Invoices and last utility bills: electricity, water, telephone, etc.


    There are three notable phases in the sale of a house in the Balearics. The negotiation and agreement, the private contract and the payment of the deposit and, finally, the deed of sale.

    Negotiation and Agreement

    Once the buyer has shown interest in purchasing a property, the negotiation process with the seller can begin. As your real estate agent, we will endeavour at this stage to help both parties reach a suitable agreement on the sale price. Once an agreement has been reached, both parties can confirm the terms in writing, and the task of drawing up the finalised official contract can begin.

    The private contract and payment of the deposit

    The next stage consists of the initial private document and the payment of the earnest money. This stage is not necessarily compulsory and sometimes both parties may prefer to sign the "Escritura de compraventa" directly as the first draft of a contract. However, in most cases, it is advisable to sign a private (preliminary) agreement which can be drafted with the help of the legal service of the real estate agency, or by the individual legal representatives of the clients. The aim is to make the agreement legally binding, with peace of mind and security for both parties, until the public deed can be signed before a notary.

    Here are three main types of private contract and deposit payment options:

    1) Private purchase contract

    The "Contrato Privado de Compraventa" is one in which the seller agrees to deliver the property and the buyer agrees to pay a certain price for it. The buyer can pay the seller an agreed amount of money at the signing of this private contract as a down payment. This payment is often referred to as a down payment, good faith deposit or earnest money.

    Once the agreement and contract are signed, both parties are obliged to honour the contract on the agreed terms and conditions. Breach of this contract by either party entitles the other party to choose between enforcing the contract on its own terms, or unilateral termination of the contract, with the right to damages.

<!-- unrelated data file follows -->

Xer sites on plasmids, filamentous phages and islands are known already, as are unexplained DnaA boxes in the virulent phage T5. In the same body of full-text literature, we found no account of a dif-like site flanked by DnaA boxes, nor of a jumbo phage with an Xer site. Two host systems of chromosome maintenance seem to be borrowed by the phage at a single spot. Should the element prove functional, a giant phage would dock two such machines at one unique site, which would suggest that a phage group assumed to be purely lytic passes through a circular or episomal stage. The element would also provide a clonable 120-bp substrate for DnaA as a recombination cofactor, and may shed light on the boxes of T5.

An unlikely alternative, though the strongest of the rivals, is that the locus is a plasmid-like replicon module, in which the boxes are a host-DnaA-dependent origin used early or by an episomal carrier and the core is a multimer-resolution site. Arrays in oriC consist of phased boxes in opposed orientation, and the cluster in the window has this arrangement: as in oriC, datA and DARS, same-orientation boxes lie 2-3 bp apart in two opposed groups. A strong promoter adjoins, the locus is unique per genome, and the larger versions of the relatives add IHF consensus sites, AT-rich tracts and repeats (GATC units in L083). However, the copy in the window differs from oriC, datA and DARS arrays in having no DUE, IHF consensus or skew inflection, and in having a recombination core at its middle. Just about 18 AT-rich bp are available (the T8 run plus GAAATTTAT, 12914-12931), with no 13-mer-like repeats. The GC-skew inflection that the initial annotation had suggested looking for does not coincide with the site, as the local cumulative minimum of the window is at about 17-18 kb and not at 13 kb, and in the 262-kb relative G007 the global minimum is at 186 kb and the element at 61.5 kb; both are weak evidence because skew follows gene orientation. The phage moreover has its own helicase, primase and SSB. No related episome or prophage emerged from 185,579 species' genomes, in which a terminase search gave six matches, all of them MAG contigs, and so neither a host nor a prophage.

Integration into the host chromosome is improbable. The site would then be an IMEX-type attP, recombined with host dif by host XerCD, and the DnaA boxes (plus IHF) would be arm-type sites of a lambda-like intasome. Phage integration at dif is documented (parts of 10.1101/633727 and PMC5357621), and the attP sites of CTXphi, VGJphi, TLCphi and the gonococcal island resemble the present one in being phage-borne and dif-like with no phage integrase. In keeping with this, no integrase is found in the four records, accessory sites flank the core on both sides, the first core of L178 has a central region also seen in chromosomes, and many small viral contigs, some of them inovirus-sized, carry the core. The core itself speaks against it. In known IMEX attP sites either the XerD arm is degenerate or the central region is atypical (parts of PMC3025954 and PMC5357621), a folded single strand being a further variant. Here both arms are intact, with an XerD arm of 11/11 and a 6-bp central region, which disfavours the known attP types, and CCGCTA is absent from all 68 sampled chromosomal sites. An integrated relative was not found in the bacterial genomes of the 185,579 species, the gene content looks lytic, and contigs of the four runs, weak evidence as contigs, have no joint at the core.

2) Deposit contract

    The second private and earnest money contract can be known as "Contrato de arras", which is a contract of sale that includes a "pledge contract", where a partial amount (usually 10%), referred to as a deposit, is given.

    However, if the buyer withdraws, the amount paid as a security deposit may be retained by the seller. On the other hand, if the seller withdraws, the buyer is entitled to receive double the security deposit paid (the return of the entire deposit, plus the same as a penalty).

    3) Option to purchase contract

    Finally, the "Option to Purchase Contract" is a private contract in which the seller grants the buyer the right to decide whether or not to conclude the final "Escritura de Compraventa" within a certain period of time and under certain conditions.

    If the buyer decides not to exercise the option, the amount paid as option premium deposit is forfeited. If the transferor-seller refuses to sell on the agreed terms, the transferee-buyer can choose between demanding performance of the contract on its own terms or requesting the termination of the contract with the right to damages.

    In all these cases, the private contract can be concluded at a distance, by digital means or by post. This private document contains all the terms negotiated, the price, the deadline for signing before a notary, the description of the property including furniture and household appliances, the responsibilities and the expenses arising from the transaction (including agency fees).

    The deed of sale

    The final signing of the deed of sale takes place before a notary in Ibiza in the presence of all parties or their legal representatives. At this signing the full agreed price is paid, deducting the amount paid as a guarantee deposit.

    The purchasers have the right to choose their notary, as they bear the costs arising from the formalisation of the deed.

    The rights and duties of ownership of the property which is the object of the agreement are transferred to the buyer with the signing of the deed.


    Is it a good time to sell your property in the Balearics?

    In general, and looking at historical data, it can be stated that since the 1990s the Balearic Islands property market is one of the best performing in Europe, if not globally. The economic crisis and global pandemics have not yet been able to dent this property market powerhouse, especially in comparison to its somewhat more volatile continental counterpart. For the most up-to-date data on the Balearic property market, please see our "Annual market report and forecast for 2021".